There's not much to see on the trees yet, but things will start picking up in coming weeks. The National Park Service will be announcing their peak bloom prediction on March 1.
It seems increasingly likely that DC will still be under COVID-19 restrictions in spring 2021 while the cherry blossoms are blooming. So it's shaping up to be a good year to follow along from afar from the safety and comfort of your home.
There’s still not a lot to report. There’s not much to see on the trees yet, but things will start picking up in coming weeks. We’re starting to get into the period when the trees start waking from their dormancy, so there’ll be more development to see in the buds. And the National Park Service will be announcing their peak bloom prediction on March 1.
As you can see from these photos taken this morning, there’s not much to see on the trees themselves. The buds are still wrapped up tight; here’s a close-up to show what I mean. You can compare them to other close-ups from this time last year and see that the ones this year aren’t quote as far along just yet. But then, that’s not particularly surprising given that last year saw an abnormally early start to the bloom.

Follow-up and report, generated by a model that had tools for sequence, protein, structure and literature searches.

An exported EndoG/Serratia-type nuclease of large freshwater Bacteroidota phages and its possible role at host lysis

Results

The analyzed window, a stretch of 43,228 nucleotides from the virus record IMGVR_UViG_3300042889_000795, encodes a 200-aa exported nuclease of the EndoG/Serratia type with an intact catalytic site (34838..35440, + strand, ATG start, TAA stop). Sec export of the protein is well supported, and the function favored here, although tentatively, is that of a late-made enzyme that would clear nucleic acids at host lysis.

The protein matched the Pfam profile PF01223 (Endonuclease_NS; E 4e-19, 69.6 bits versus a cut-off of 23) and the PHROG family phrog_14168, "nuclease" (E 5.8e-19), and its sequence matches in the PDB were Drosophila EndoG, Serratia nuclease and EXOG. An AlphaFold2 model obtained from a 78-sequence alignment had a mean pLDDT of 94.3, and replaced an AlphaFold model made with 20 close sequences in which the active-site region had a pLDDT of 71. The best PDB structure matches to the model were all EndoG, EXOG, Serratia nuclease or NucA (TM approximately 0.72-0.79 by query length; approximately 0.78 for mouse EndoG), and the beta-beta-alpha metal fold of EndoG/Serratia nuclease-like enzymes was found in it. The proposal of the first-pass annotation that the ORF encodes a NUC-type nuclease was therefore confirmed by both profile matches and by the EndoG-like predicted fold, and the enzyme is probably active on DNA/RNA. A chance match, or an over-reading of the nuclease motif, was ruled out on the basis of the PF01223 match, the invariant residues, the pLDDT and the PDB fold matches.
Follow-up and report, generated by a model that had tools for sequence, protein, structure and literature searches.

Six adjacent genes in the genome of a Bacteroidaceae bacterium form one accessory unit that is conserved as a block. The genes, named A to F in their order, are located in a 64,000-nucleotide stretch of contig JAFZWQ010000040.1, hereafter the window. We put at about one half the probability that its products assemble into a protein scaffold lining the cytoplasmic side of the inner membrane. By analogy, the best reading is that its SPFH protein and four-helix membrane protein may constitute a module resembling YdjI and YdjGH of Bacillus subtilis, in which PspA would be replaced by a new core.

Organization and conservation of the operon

So far this winter temperatures have been pretty normal. We’ve had some colder days and some warmer days, but overall the average is hovering around the average.
Half-way through February, the average is only 1.3° above normal for the month. The beginning of the month was colder, but things have warmed up a bit now and the National Weather Service is expecting much of the rest of February to be warmer than normal. If those warmer-than-normal temperatures end up happening, and if they persist deep into March, the odds of a late-March bloom increase. But this far out, those are very big “ifs,” and as always, it’s hard to put too much stock in long-term weather forecasts. Things might yet change dramatically, as they did last year; it’s entirely possible that winter comes back with a vengeance in March.
Last updated February 14, 2018